1 Corinthians 2:6-10
We are not good for God to love us, we are good because God loves us.
People who take the words of Jesus literally end up with a lot of guilt feelings—the last thing that Our Lord would have wanted. There are several levels of meaning in the Bible—the least to be trusted is the literal meaning.
A hint that folks take the meaning literally is that they confess evil thoughts, bad thoughts, having had sexual desires. All those are temptations. Temptations are not sins. Jesus was confronted by a popular attitude, especially among the teachers, the idea that the law is the way to salvation. Remember that in the Hebrew Scriptures—the Old Testament—Moses was the hero because He gave the people the 613 Commandments from God. The 10 Utterances or summary statements are the ones most of us memorized as children. For the longest time people were convinced, some still are, that by following the Commandments they were going to be saved. When Jesus came, we didn’t need a mediator like Moses to tell us what God wants because Jesus is God. He came to tell us that we can do nothing to make God love us more and we can do nothing to make God love us less. God already loves us, just because. Jesus tried to initiate a paradigm shift—which has still not become a reality. We are not good in order for God to love us, we are good because God loves us. The majority of humanity does not know how to respond to unconditional love. We want to earn, to merit, to prove ourselves worthy. That’s what we’ve been taught—the system of punishments and rewards. “God is watching”, was what we were told if our parents had to step away. We didn’t dare misbehave because the almighty eye was upon us. Somewhere, far, far away, in a chair, with a long white beard, sat an ancient God who had nothing better to do than to watch us and write down every time we messed up. At the end of our life—“Boy were we going to get it!” All the stuff that Mom and Dad never saw—but God saw! The teacher never knew—but God knows! Didn’t even told the priest in confession—but one day—the truth will come out—and are we going to be embarrassed!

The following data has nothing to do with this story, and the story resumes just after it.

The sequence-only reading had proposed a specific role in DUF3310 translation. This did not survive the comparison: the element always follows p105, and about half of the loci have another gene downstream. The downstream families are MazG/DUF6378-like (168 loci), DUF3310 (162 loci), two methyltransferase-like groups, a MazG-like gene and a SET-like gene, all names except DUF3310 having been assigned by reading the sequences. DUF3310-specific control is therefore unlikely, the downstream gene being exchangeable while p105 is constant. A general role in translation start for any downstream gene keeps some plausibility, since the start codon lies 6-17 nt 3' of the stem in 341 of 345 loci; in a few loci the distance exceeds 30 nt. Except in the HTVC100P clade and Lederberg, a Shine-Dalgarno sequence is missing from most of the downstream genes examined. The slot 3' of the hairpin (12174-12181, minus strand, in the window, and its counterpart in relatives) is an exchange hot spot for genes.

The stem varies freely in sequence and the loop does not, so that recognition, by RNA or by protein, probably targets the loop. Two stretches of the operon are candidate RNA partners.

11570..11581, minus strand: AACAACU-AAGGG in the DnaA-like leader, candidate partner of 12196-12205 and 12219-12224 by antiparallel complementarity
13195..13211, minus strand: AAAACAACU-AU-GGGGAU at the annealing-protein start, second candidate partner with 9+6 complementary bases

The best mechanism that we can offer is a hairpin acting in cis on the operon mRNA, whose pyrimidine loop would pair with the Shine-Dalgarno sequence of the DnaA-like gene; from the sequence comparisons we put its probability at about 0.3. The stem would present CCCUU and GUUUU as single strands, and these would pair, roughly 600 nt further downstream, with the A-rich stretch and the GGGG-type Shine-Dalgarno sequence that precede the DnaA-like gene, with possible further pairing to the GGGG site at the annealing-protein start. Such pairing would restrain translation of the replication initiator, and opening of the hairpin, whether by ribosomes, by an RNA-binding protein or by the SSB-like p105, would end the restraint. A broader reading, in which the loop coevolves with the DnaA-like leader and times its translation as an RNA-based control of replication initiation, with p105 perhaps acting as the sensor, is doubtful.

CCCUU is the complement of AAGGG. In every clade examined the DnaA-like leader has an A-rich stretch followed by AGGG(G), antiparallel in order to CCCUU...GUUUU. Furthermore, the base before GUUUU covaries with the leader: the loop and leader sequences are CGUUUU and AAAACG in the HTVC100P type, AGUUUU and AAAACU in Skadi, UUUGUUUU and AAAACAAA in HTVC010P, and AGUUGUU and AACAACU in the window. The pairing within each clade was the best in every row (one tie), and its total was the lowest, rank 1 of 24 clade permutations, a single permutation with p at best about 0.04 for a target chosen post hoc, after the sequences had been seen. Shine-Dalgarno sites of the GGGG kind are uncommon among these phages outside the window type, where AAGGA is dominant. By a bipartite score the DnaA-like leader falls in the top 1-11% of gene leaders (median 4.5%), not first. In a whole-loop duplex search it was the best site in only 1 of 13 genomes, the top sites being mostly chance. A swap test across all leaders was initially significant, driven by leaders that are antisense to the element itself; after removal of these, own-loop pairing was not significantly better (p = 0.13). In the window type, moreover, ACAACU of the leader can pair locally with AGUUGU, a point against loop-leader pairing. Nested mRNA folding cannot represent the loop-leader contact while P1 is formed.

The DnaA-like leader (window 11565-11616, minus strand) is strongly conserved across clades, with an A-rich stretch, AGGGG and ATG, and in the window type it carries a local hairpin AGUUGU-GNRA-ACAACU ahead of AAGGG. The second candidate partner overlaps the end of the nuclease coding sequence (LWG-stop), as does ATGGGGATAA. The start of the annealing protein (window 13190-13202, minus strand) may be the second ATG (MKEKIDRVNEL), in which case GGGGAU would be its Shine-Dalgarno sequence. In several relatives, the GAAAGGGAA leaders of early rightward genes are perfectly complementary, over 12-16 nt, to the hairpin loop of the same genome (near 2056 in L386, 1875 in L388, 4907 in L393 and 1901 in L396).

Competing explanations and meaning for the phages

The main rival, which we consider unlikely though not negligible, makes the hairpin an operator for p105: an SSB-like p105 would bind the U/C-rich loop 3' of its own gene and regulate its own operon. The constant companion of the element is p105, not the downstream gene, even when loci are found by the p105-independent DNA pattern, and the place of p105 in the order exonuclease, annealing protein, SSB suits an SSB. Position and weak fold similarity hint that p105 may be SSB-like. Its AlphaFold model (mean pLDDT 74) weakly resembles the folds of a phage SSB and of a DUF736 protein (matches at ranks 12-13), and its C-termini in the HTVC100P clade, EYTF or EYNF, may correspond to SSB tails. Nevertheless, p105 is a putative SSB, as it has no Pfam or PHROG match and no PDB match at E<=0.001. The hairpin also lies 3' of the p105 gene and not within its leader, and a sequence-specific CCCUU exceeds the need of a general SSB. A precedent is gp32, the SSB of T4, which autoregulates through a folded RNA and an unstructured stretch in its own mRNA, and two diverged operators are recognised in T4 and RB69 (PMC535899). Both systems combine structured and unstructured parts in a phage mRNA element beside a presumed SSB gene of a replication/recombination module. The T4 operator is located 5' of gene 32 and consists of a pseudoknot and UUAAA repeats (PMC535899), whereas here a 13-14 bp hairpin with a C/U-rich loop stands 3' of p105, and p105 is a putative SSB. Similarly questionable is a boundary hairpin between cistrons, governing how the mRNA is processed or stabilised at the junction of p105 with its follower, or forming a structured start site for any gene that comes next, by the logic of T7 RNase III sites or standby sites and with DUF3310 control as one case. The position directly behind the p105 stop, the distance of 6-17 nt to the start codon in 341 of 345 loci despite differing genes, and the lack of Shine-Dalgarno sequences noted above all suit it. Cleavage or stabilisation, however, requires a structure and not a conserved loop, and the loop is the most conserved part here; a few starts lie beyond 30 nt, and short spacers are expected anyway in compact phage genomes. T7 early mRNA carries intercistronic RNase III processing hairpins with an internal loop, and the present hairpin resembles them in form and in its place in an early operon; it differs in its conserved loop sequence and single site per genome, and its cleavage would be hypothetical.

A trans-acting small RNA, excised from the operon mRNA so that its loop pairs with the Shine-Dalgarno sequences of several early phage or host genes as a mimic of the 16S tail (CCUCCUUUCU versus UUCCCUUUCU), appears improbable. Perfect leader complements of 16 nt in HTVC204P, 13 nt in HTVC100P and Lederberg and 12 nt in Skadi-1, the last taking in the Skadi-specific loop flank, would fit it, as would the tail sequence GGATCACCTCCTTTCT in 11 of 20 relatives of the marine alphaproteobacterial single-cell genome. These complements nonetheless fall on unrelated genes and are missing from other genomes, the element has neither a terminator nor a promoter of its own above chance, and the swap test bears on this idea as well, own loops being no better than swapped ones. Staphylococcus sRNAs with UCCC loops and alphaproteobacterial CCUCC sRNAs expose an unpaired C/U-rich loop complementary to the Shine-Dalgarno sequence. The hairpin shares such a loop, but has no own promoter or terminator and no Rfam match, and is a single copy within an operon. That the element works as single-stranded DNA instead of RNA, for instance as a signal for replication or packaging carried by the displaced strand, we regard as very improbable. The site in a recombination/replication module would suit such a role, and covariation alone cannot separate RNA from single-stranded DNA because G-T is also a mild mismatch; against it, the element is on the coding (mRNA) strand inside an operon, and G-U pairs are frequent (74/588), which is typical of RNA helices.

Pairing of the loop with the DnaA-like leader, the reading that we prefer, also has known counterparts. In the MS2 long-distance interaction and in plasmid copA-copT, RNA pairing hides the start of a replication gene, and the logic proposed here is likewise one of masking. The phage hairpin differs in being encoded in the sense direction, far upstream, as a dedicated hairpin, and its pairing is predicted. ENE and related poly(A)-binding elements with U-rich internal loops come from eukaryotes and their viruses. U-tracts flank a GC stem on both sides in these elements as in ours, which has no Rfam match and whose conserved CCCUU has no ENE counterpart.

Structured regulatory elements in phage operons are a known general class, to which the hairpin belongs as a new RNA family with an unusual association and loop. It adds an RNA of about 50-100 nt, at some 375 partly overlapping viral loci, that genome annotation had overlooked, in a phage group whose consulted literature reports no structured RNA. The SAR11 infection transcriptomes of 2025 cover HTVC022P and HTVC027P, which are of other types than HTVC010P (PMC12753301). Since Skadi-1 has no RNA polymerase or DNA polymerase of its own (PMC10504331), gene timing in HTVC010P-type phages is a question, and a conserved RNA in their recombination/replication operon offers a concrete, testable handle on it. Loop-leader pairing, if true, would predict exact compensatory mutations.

Unfortunately, that’s were countless of people are in their spiritual journey. Many are afraid of God, and consequently afraid to die, because they fear punishment. The Good News—which is what Gospel means—is that we are not going to pay for our sins. The debt has already been paid by the Passion, Death and Resurrection of Christ. We do not owe anything. We get a free ride, regardless of what we’ve done.
So, before any of us go plucking our eyes out, or cutting off body parts—consider that God loves us just the way we are—with all our sins. Fact is that our sins bring us closer to God. We are humbled because we realize that our life is not about getting things right, but just that we participate, even in our weaknesses. Doesn’t mean we stop trying to improve. Just remember, we are not punished for our sins. We are punished by our sins. Consider the consequences of the unhealthy behavior under the pretext of having a “good time”—the so called “friends” whom we have allowed to influence us with addictive substances—the stuff we have watched on social media. We are responsible for the choices we have made, can’t blame anyone else. When we do what we are not supposed to, we usually look for someone or something to blame. “The devil made me do it.” The challenge is to know our strengths and avoid moments which we lead us into temptation. Our strength comes from doing what God wants. There can be no resentments in our soul, especially the ones against ourselves. Forgiveness is the gateway to freedom. The way out of the madness is to accept who we are and to accept others just the way they are. Obviously, forgiveness is more important than worship. Leave the gift—get out of Church and first be reconciled.
Bring the hurts, all the mistakes, the bad choices and God offers us healing. At the Table of the Lord we can already receive the One who has paid for our sins and will receive us without question when we die.